• toreytorey Posts: 2,531 admin

    Sounds like an excellent blend. Even though orange peels are classed as a bitter, they add just enough sweetness to make it palatable for those new to bitters. Similarly for the cinnamon and star anise. What was the alcohol you used as a base? I like to use brandy. The second one you are going to try should be very good at eliminating as well as improving digestion.

    So many wonderful blends! I am getting my order of strawberries on Friday and have a recipe for Strawberry Vinegar bitters. Because it is a vinegar, it can be used like a shrub to flavour water or club soda. Looking forward to trying that one. The Mandarin and Douglas Fir Bitters in Rosalee's Wild Remedies book is also a good one. Never would have though to include evergreens in bitters so I am grateful she introduced me to that.

    So everybody get on the bitters program. Such an easy thing to do in your path to get off sugar and reduce your insulin resistance.

    Didn't mention fibre. Fibre is one of your best friends when dealing with metabolic syndrome. Fibrous foods tend to make you feel full sooner so you will eat less. Fibre assists with proper elimination. Soluble fibre helps with your cardiovascular system, reducing cholesterol and arterial placque. But if your body is unaccustomed to fibre, start slowly. Too much fibre all at once could cause gas, bloating or constipation. I know, 25 grams of fibre sounds like a lot but spread out over the course of the day its not that difficult to do . One 1/2 cup serving of chia seed pudding (so delicious) has 7.5 grams of fibre. Add a cup of raspberries and that's another 8 grams. 1 cup of baked beans has 10 grams of fibre. So there is 25 grams in 3 items.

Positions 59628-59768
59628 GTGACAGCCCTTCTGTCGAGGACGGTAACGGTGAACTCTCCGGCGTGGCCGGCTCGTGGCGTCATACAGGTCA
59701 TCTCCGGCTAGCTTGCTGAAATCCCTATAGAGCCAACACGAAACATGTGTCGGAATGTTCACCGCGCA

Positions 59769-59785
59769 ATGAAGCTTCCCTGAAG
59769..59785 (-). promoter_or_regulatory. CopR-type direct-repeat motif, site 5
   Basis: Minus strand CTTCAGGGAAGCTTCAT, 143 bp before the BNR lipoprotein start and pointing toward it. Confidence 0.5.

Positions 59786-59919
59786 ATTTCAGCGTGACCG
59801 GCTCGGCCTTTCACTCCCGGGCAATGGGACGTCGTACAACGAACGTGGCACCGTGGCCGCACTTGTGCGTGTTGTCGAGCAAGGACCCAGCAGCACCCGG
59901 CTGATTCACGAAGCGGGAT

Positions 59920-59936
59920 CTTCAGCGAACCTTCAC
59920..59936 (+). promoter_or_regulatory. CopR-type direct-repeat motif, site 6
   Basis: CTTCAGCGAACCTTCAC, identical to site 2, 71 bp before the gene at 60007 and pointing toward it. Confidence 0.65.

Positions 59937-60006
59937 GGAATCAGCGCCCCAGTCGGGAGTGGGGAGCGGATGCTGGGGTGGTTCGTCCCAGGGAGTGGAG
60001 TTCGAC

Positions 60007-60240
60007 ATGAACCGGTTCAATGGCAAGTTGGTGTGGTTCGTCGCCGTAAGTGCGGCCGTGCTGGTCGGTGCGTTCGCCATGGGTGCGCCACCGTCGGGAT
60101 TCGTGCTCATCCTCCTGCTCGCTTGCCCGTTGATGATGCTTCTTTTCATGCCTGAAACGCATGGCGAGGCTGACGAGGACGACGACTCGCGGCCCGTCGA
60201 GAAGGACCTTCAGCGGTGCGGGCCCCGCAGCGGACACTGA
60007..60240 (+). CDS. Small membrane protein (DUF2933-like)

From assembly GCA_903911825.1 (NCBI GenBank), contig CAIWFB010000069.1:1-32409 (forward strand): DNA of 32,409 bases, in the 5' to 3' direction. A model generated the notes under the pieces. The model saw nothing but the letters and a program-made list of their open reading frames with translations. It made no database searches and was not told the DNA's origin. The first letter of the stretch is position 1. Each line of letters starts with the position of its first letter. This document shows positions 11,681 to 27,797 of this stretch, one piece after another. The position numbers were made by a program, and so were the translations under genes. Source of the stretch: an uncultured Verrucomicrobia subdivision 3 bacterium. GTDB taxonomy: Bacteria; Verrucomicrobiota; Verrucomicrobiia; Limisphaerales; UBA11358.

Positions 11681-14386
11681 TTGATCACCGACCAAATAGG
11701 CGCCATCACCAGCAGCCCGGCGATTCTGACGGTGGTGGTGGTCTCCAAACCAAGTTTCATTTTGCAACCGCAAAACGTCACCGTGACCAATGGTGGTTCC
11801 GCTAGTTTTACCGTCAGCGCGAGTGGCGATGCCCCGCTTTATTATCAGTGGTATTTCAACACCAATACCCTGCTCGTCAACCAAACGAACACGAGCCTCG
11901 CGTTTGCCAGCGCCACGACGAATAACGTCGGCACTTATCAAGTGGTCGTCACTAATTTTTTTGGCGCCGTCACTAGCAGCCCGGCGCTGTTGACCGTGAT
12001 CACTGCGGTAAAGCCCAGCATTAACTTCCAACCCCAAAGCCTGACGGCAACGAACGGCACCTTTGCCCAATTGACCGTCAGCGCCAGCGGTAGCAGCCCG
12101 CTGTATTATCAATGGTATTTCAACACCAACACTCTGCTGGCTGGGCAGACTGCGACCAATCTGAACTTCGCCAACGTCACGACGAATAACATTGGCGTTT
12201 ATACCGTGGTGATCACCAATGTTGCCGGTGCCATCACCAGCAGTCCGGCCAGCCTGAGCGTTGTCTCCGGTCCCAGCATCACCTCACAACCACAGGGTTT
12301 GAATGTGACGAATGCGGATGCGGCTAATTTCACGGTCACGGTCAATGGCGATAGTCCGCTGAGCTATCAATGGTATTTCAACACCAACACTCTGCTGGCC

Keep at it everyone! Lets reduce this epidemic!

  • judsoncarroll4judsoncarroll4 Posts: 3,187 admin

    I used vodka. I think I will use brandy next time when I do the same mix - it would likely taste better with the spices. I'll use vodka with the dandelion, burdock and juniper though, because the main aromatic is the juniper and I like gin in small amounts.

    The strawberry on sounds very good! I'm considering doing one with the white part of rose petals. I've found the "pine wine" I did back in March to be anti-inflammatory.

    Yes, soluble fiber, definitely! Given my diet, I don't lack fiber, but the average diet certainly does.